Shampoo Planet by Douglas Coupland

No critic rating

Waiting for minimum critic reviews

See 4 Critic Reviews



An amazing visionary first novel about today's disenfranchised, MTV twenty-something generation and their baby boom parents, by the author of the hugely successful Generation X: Tales for an Accelerated Culture--a Tom Robbins for the '90s who has made the cynical post-Reagan era his own. A 20-year-old's journey around America, Canada, and Paris helps him deal with the bewildering influences that confront him.

About Douglas Coupland

See more books from this Author
Douglas Coupland was born December 30, 1961 on a Canadian military base in Baden-Soellingen, Germany. He graduated from Sentinel Secondary School in West Vancouver in 1979 and went on to McGill University. He was unhappy there and went on to Emily Carr College of Art and Design. He has said that these were the best four years of his life. He graduated in 1984 with a focus on sculpture and moved on to study at the European Design Institute in Milan. He also completed a two-year course in Japanese business science in Hawaii in 1986.He soon began writing for magazines as a means of paying the bills. He soon started work on his first novel Generation X: Tales for an Accelerated Culture which was published in 1991. His second novel Shampoo Planet focused on the generation after Generation X and was published in 1992. This generation was termed "Global Teens". His career has consisted of writing, sculpting, and editing and he also hosted The Search for Generation X, a PBS documentary, 1991. Douglas Coupland has also worked on a magazine called Wired . He wrote a short story about the life of the employees of Mocrosoft Corporation. This short story provided inspiration for his novel Microserfs.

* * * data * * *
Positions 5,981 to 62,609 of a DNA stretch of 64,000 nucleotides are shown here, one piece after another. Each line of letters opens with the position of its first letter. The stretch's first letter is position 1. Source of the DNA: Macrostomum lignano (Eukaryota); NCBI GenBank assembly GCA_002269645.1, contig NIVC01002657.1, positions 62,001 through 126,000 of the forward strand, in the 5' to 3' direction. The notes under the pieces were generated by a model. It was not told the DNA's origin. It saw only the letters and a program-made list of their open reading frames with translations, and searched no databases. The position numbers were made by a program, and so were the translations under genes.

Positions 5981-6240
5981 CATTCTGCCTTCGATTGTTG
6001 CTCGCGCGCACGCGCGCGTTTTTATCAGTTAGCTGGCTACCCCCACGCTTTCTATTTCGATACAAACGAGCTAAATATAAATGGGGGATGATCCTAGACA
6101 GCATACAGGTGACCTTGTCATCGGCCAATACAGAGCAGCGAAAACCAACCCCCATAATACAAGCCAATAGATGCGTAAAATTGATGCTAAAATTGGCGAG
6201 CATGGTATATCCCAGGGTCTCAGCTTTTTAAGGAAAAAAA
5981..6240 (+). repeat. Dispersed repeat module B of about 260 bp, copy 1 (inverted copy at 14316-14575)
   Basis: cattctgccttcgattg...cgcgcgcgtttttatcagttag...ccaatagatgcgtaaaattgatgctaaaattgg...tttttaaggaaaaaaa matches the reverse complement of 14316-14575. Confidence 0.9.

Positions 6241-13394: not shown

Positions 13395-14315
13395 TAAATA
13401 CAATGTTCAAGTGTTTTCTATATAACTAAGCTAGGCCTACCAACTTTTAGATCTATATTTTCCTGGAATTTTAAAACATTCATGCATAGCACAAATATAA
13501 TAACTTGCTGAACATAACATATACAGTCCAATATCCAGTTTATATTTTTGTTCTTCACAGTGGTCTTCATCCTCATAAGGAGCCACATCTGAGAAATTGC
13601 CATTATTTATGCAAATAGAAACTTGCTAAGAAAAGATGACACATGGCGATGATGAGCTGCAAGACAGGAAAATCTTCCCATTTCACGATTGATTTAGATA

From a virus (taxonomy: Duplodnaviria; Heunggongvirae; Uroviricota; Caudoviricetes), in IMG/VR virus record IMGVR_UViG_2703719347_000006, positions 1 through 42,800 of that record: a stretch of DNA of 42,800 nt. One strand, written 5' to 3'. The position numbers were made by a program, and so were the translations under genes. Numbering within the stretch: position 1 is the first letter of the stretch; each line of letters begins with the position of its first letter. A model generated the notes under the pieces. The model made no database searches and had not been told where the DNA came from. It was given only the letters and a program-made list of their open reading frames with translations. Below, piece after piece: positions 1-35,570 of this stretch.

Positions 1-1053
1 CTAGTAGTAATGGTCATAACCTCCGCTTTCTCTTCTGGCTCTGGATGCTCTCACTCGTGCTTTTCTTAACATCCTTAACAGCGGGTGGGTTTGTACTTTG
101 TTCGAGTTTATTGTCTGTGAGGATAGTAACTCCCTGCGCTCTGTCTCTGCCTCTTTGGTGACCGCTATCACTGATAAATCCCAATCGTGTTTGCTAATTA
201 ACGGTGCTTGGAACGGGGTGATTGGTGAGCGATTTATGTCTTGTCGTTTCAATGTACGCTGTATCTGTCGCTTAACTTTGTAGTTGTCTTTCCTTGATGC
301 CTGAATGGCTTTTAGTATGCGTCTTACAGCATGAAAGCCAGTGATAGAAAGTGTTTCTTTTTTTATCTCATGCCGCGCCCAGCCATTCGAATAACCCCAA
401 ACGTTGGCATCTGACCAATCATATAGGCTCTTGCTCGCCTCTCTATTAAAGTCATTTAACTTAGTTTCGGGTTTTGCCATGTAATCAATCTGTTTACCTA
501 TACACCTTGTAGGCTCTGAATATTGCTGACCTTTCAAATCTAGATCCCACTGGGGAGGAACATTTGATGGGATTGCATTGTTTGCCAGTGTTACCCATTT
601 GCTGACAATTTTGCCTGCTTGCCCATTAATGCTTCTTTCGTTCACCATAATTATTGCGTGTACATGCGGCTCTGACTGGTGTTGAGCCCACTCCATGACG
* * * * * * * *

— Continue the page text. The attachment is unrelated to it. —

Published September 1, 1992 by Pocket Books. 304 pages
Genres: Literature & Fiction. Fiction

Unrated Critic Reviews for Shampoo Planet

Kirkus Reviews

See more reviews from this publication

A smart and glib media savant, Tyler speaks ``telethon-ese'' with his girlfriend and dubs his room at home the ``modernarium.'' His mother, Jasmine, a hippie with armpit hair and a ``predilection for substance enthusiasts,'' represents everything that was wrong (in Tyler's view) about the Sixties.

| Read Full Review of Shampoo Planet

Publishers Weekly

See more reviews from this publication

Tyler, whose entrepreneurial goals are tidy as his hair, finds himself on the road, seeing the motor lodge vistas of his own land (``Convenience stores--the economic engine of the New Order''), and finally landing in his ``personal Dark Ages'' at a ``McJob'' on the wing computer at an L.A.

| Read Full Review of Shampoo Planet

Publishers Weekly

See more reviews from this publication

This nicely balanced collection of 20 stories--most of them familiar--from the past 15 years was a Literary Guild selection in cloth.

| Read Full Review of Shampoo Planet

Entertainment Weekly

There's a reason the cover of Shampoo Planet looks like a Benetton ad: Generation X author Douglas Coupland has watched too much MTV, gulped too much diet Coke, and swallowed too many myths about young men capturing the voice of a generation in brand name- saturated coming-of-age novels.

Sep 11 1992 | Read Full Review of Shampoo Planet

Reader Rating for Shampoo Planet

An aggregated and normalized score based on 63 user ratings from iDreamBooks & iTunes

Rate this book!

Add Review

Reader reviews & activity

User Review

Michael Manley 20 Aug 2013

Rated the book as 3.5 out of 5